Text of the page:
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From Bill Stoddard <>
Subject Re: [VOTE] Accept Aries proposal for incubation
Date Thu, 17 Sep 2009 17:27:09 GMT
Jeremy Hughes wrote:
> 2009/9/16 Jim Jagielski <>:
>> On Sep 16, 2009, at 4:32 AM, Niall Pemberton wrote:
> ...
>>> IMO this is more a graduation issue, rather than something that should
>>> prevent entry to the incubator - since thats when destination is
>>> decided. There are many possible outcomes from that - perhaps some
>>> parts will go to felix and others to a new TLP(s) - but I say lets see
>>> how it works out during graduation rather than shooting it down now.
>> I agree that the rubber hits the road when graduation, and when there
>> is a resolution before the board to make this a TLP. However, my
>> thoughts are that without this concern front-and-center from the get-go,
>> the podling runs the risk of hitting this roadblock right at the end,
>> at which point who knows how much impact this may have on it... In other
>> words, if a podling umbrella attempts to graduate into a TLP umbrella, it
>> will likely be shot down. Do we really want to wait until the end to
>> address this once and for all?
>> Just my 2c.
>> PS: BTW, I think it's a great proposal and podling and technically am a big
>>    +1 on it. My only concern is lack of directed focus...
> It is not our intent to create an umbrella TLP - the focus of Aries is
> specifically on developing the componentry needed to enable an
> enterprise OSGi application prgramming model. This will include
> implementing some of the OSGi EEG specs - the initial focus is as
> described in the sections "Initial Goals" and "Initial Source" but the
> proposal also tries to make it clear that Aries will consume
> technology from other projects where available: "It is the expectation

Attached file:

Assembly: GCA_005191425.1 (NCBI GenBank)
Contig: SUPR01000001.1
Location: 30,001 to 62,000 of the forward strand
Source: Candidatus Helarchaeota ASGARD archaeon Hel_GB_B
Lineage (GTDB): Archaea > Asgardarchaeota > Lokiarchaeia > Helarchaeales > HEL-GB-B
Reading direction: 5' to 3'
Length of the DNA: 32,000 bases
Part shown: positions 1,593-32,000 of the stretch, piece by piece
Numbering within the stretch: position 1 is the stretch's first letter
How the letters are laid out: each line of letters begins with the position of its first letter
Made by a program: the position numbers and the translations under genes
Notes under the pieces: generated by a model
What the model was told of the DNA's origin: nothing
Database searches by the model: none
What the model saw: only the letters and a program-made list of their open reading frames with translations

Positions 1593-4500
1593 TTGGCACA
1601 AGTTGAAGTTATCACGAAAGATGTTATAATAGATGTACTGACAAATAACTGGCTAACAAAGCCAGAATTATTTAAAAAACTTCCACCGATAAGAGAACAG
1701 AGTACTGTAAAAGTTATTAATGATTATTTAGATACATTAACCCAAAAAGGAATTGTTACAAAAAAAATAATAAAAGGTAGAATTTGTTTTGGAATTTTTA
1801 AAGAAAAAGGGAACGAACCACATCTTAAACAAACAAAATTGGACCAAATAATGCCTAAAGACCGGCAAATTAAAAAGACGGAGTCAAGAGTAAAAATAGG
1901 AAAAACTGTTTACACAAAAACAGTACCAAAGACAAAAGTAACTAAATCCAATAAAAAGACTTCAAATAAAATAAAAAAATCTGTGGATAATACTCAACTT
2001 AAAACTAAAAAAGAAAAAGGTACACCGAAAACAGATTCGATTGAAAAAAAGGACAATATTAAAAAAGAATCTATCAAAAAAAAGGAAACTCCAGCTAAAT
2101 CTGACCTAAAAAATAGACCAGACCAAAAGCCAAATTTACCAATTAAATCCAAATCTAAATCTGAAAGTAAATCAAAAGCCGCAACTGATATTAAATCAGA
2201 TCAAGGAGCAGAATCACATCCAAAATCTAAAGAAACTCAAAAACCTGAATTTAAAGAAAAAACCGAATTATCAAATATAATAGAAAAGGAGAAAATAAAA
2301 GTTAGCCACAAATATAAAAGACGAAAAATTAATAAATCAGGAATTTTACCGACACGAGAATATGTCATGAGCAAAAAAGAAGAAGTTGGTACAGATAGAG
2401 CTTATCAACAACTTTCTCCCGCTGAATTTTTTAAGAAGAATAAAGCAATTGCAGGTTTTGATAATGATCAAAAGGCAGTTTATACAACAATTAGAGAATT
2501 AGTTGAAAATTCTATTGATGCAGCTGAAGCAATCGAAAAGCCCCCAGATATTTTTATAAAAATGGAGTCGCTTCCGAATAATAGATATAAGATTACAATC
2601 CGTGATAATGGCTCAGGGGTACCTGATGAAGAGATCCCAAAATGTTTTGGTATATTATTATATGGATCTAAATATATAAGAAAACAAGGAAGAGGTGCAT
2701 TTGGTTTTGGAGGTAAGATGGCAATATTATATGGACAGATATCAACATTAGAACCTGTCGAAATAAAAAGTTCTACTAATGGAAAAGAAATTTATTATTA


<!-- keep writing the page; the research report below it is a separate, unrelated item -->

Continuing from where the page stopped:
> that Aries will therefore not be delivering components such as ...
> Aries will instead seek to enable the use of such components from
> other projects."
> We are starting out largely speaking as a community of people with a
> heritage in enterprise Java runtimes looking to encouarge the
> exploitation of OSGi by the applications deployed to enterprise
> environments. We are not looking to target specific runtimes or to
> implement *every* spec that comes out of the EEG but we are looking to
> build coherent componentry needed by enterprise applications when
> deployed as OSGi bundles to an enterprise runtime. We've described
> this in the "Relationship with Other Apache Projects" section. How we
> evolve from the stated "initial goals" will largely depend on the
> community that forms - which I believe is reasonable for a new
> incubator.
> To help remove any impression that Aries is looking to become an
> umbrella TLP we could perhaps reword the first sentence of the
> proposal from
> "It is a goal of the Aries project to provide a natural home for open
> source implementations of current and future OSGi EEG specifications,
> .."
> to
> "It is a goal of the Aries project to implement OSGi EEG
> specifications that are part of the enterprise application programming
> model, ...."
> to clarify the scope - this remains consistent with the rest of the proposal.
> Thanks,
> Jeremy

Crickets it's terribly quiet around here..

I am having a really difficult time getting my head around Jim and 
Niclas' objections that this is an umbrella project.  The mother of all 
umbrella projects was Jakarta... (coded in Java? It should go into 
Jakarta...); this proposal clearly isn't that.  This proposal is 
concerned with implementing an OSGi application programming model; it 
relies heavily on specs from the OSGi Alliance Enterprise Expert Group 
(EEG) and the EEG itself is a small, narrowly scoped part of the OSGi 
Alliance.  The project scope seems pretty darn succinct to me. What am I 

What I see here is a surprisingly diverse group of developers interested 
in working on a project and having the freedom to bring the vision to 
fruition.  A lot like Geronimo really, whose mission is to implement the 
JEE programming model.  Geronimo draws heavily on projects from both 
inside and outside the ASF.  If the Geronimo team requires a piece of 
technology that's not available, they collaborate with other groups to 
obtain it or do the work themselves at last resort.   In other words, 
Geronimo has operational freedom to control its own destiny.  Not a bad 
thing, imho.  It's pretty clear (at least to me :-) that the Aries 
proposal is more tightly scoped than even Geronimo and Geronimo works 
reasonably well. 

The project proposers clearly know -where- they want to go (and have 
communicated that in the proposal) .. what's understandably less clear 
is precisely how they are going to get there... that's why a degree of 
operational freedom is important; attempting to nail the proposers down 
to a precise path right now is counter productive to the success of the 


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